The medieval ban on opening the human body was – at least in fiction – bypassed by the very special ability of Superman: x-ray vision. Although there has been some scientific discussion on that subject [3], it is clear that there is no way of looking through opaque material by visible light. Observation of tissue in living materials, e.g. through cranial windows to the brain, does not allow us to look too deep inside, as scattering and absorption still occur in the brain tissue. As an option for fixed materials, various protocols for "clearing" have been proposed during the history of microscopy. These protocols aim to both reduce scattering and to remove absorbing substances.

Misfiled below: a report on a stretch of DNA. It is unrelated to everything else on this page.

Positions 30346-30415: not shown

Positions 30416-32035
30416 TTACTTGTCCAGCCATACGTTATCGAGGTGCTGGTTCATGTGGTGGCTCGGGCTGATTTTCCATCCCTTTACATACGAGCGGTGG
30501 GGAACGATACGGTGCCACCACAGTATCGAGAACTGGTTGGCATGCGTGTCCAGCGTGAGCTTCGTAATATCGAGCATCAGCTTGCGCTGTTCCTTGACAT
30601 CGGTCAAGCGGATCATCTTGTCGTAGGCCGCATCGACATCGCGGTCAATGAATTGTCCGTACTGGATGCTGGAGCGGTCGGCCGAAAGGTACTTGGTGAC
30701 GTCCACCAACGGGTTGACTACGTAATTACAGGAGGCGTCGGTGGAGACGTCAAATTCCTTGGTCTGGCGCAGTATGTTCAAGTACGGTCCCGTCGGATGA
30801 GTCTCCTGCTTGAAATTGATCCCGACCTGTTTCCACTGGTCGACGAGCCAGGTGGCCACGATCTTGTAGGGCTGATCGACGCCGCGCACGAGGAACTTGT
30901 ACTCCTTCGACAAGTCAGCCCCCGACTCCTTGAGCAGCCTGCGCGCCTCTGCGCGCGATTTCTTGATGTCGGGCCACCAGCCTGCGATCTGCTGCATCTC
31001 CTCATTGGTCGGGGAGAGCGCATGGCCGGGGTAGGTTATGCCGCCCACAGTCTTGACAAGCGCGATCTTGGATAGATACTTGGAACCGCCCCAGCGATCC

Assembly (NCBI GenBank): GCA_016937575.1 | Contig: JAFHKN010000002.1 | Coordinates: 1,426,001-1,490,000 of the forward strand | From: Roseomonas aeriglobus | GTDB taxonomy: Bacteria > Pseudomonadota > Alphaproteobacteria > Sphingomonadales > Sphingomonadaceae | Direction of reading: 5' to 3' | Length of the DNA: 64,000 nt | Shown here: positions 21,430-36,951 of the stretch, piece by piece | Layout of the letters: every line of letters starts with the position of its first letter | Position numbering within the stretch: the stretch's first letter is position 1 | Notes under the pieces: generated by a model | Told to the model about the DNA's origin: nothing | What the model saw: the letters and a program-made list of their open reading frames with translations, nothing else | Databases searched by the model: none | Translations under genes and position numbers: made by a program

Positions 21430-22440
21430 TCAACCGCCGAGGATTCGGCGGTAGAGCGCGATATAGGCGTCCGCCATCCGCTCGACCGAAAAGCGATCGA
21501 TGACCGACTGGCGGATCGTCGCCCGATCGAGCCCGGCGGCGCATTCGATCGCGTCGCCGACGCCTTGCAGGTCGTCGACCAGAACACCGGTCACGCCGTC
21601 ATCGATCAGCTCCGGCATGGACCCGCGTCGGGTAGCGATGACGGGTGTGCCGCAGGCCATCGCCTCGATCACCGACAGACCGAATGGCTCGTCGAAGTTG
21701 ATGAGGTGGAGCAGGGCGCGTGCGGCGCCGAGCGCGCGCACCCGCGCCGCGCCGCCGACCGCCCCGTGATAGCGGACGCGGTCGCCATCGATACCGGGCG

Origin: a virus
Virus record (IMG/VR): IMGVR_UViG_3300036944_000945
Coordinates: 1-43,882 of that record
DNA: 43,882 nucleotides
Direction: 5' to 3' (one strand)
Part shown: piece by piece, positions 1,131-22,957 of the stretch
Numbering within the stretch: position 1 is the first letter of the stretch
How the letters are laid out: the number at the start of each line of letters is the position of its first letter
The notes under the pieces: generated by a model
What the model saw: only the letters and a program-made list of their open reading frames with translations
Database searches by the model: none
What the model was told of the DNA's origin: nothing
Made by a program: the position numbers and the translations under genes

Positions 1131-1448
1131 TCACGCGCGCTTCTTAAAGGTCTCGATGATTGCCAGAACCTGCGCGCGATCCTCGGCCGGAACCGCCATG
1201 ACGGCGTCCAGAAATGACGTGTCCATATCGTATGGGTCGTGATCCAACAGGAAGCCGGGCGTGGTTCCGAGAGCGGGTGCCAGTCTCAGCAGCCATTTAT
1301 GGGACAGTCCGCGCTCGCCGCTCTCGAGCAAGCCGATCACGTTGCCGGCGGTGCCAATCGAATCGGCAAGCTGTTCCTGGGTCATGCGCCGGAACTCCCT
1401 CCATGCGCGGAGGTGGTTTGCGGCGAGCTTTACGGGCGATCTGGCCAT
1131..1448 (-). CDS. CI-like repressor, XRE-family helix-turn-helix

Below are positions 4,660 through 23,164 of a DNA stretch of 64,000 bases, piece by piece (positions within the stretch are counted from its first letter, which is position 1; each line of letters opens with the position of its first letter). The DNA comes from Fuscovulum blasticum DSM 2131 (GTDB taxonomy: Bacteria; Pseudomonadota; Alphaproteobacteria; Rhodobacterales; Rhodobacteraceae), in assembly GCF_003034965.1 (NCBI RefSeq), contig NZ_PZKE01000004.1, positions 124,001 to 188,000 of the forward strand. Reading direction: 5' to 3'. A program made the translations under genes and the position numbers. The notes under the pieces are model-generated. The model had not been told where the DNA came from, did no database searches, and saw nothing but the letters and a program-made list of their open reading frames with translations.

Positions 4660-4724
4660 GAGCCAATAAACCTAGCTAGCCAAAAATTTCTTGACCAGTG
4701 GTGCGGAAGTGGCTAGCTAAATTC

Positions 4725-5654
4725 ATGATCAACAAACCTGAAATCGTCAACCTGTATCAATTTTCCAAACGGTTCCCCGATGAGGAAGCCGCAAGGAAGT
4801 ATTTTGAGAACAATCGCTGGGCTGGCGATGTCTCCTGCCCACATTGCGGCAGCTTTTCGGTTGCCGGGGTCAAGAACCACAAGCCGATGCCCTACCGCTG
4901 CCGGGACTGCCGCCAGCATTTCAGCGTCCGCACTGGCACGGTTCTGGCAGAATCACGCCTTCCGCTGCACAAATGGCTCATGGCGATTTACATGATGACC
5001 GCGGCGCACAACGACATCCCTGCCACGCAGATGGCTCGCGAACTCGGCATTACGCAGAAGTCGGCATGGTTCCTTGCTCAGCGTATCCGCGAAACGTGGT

Clearing approaches

Classical "brighteners" in microscopic preparation protocols are chemicals like potassium hydroxide and lactic acid, which modify the chemistry of the tissue. Especially chitin-containing objects benefit from such treatment. Clove oil was also used for making tissue transparent, it is easily miscible with Canada balm and has a similar refractive index (1.54). Besides bleaching absorbing molecules, the main problem in imaging thick biological objects is scattering, which occurs at the many boundaries of changing refractive index (Fig. 2b and c) through which the light has to travel. Consequently, the major task of clearing methods is to "equalize" the refractive index without destroying the three-dimensional structure and without degradation of possibly present fluorochromes.